David Moulton: Tiger Woods compounds bad drop with bad decision

Tiger Woods wipes his forehead on the 11th green during the first round of the Masters golf tournament Thursday, April 11, 2013, in Augusta, Ga. (AP Photo/Matt Slocum)

Tiger Woods wipes his forehead on the 11th green during the first round of the Masters golf tournament Thursday, April 11, 2013, in Augusta, Ga. (AP Photo/Matt Slocum)

Tiger Woods should have been disqualified.

The fact he was not, is not his fault.

Tiger made a mistake on the 15th hole at the Masters on Friday. He made bigger mistake on Saturday.

On Friday, he thought he could drop the ball where he did, when in fact he needed to drop it 2-yards closer. As recently as two years ago the improper drop, once the scorecard was signed, would have led to automatic disqualification.

The controversy starts with the Masters and its rules committee. They made two major errors. First, Friday night when told that Tiger may have made an improper drop (while he was still playing), they reviewed the videotape and determined he did nothing wrong.

What? It's clear, that his drop on the 15th hole was not "as nearly as possible" from where his previous shot had been played, which is what Rule 26-1 clearly states needs to happen. The Masters rules’ committee should have told Tiger after his round that he made an error and assessed him the two-stroke penalty at that time.

He messed up. He pays the price. Life moves on.

Once Tiger signed his scorecard everything changed because in golf, the scorecard is sacred. It's the bible. Virtually, nothing else matters.

Virtually, because two years ago the USGA and R&A (the two governing bodies of golf worldwide) made a rule change allowing for some wiggle room. They created Rule 33 -- a provision allowing for a 2-stroke penalty to be assessed after the fact instead of disqualification “if” -- and these words are the key to whole controversy.

"the situation where a player is not aware he has breached a Rule because of the facts that he did not know and could not reasonably have discovered prior to returning his score card."

Tiger clearly did not know he made an improper drop (he unknowingly admits to the rules violation during a TV interview after round) but could have "reasonably" discovered his error if the Masters rules officials had done their job properly. Since Masters’ officials clearly messed up they decided (understandably if you think about it), how can we disqualify a player when we took a look at it and didn't tell him he messed up? However, Tiger also could have asked a rules official, while playing the 15th hole, about his options, procedures, etc. This action certainly would be deemed "reasonable."

In golf, following the rules is a responsibility that falls predominantly on the player.

However, once he was not disqualified, Tiger found himself in a pickle. The facts are indisputable. He made an illegal drop (unknowingly), did so intentionally (his words after the round), gained an advantage by that drop (in his mind it’s why he dropped it there), signed an improper scorecard and was not disqualified.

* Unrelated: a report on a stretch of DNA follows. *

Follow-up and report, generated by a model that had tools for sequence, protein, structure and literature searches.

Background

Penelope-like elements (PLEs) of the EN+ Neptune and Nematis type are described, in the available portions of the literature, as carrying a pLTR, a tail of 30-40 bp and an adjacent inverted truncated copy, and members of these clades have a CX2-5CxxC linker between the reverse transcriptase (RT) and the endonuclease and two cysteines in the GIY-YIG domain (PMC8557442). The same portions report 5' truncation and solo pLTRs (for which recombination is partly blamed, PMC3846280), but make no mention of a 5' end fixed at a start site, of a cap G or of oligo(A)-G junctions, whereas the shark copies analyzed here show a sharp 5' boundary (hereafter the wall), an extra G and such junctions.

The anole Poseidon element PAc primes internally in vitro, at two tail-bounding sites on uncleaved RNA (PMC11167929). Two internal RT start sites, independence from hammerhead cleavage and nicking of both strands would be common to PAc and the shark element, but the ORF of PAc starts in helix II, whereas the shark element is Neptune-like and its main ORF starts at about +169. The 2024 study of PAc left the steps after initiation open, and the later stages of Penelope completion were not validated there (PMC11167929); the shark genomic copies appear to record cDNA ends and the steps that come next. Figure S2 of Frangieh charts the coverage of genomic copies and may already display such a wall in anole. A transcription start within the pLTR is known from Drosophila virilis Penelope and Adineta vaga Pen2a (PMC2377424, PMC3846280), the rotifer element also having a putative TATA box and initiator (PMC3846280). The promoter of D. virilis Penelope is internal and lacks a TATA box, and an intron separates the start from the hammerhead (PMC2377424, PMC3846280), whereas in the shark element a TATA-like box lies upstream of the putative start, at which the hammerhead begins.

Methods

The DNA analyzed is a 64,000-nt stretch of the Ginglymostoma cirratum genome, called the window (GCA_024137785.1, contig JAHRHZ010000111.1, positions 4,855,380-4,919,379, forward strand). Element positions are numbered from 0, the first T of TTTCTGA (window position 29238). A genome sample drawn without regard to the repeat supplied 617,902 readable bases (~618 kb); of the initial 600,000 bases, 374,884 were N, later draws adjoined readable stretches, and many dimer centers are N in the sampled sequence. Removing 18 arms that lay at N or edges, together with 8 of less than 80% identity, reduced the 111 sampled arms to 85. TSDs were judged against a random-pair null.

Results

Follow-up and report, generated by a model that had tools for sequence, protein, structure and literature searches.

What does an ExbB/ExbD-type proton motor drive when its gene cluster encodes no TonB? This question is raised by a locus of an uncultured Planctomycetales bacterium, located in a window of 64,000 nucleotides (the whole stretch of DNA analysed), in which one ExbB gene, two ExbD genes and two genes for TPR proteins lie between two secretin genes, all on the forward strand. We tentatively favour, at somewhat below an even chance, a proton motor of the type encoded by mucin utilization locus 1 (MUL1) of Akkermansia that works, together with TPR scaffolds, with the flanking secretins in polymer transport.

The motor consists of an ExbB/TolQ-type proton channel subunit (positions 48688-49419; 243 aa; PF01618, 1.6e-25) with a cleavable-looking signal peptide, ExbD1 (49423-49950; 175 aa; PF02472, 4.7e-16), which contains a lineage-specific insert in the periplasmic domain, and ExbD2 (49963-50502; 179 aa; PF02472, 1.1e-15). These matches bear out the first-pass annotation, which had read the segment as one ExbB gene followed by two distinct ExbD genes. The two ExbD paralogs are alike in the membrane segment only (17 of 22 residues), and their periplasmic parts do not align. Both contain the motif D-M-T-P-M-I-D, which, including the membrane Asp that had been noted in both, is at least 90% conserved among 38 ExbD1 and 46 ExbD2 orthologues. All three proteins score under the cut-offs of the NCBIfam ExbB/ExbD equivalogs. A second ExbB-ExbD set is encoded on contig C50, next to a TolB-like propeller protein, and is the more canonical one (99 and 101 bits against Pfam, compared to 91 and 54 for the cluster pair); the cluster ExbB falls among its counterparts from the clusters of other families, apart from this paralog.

There is no place for ambiguity in this sport. This was not the intended wiggle room when golf’s governing bodies created Rule 33. This is golf we are talking about. This is a game of honor. This is a sport that its players -- past and present -- proudly tell everyone: "We call penalties on ourselves."

What Tiger did, knowingly or not, is interpreted by most serious golfers as cheating.

Here we go again, Tiger Woods and cheating in the same sentence. What irony. Only this time it’s worse. Because no matter his personal life, Tiger’s golfing resume remained pure and prolific.

That was until now.

Tiger had four hours to consider pulling out of the 2013 Masters. Nick Faldo, a three-time Masters champion (and as a golfing commentator who has hardly ever uttered a bad word about Tiger) said on the Golf Channel, "Tiger should really sit down and think about this and what it will leave on his legacy. Personally, this is dreadful."

Tiger should have been disqualified. When he wasn't, the player considered by many to be bigger than the sport, should have withdrawn.

The Masters failed Tiger. The officials put him in a bad spot. But at the end of the day he had a chance to show his true colors, not just as a person but as a golfer.

And he did.

David Moulton co-hosts "Miller and Moulton in the Afternoon" weekdays 2 to 6 pm on Southwest Florida's ESPN Radio (101.5 FM, Bonita/North Naples; 105.1 FM, Naples/Marco Island). His freelance column appears Sundays, Wednesday and Friday.

© 2013 marconews.com. All rights reserved. This material may not be published, broadcast, rewritten or redistributed.

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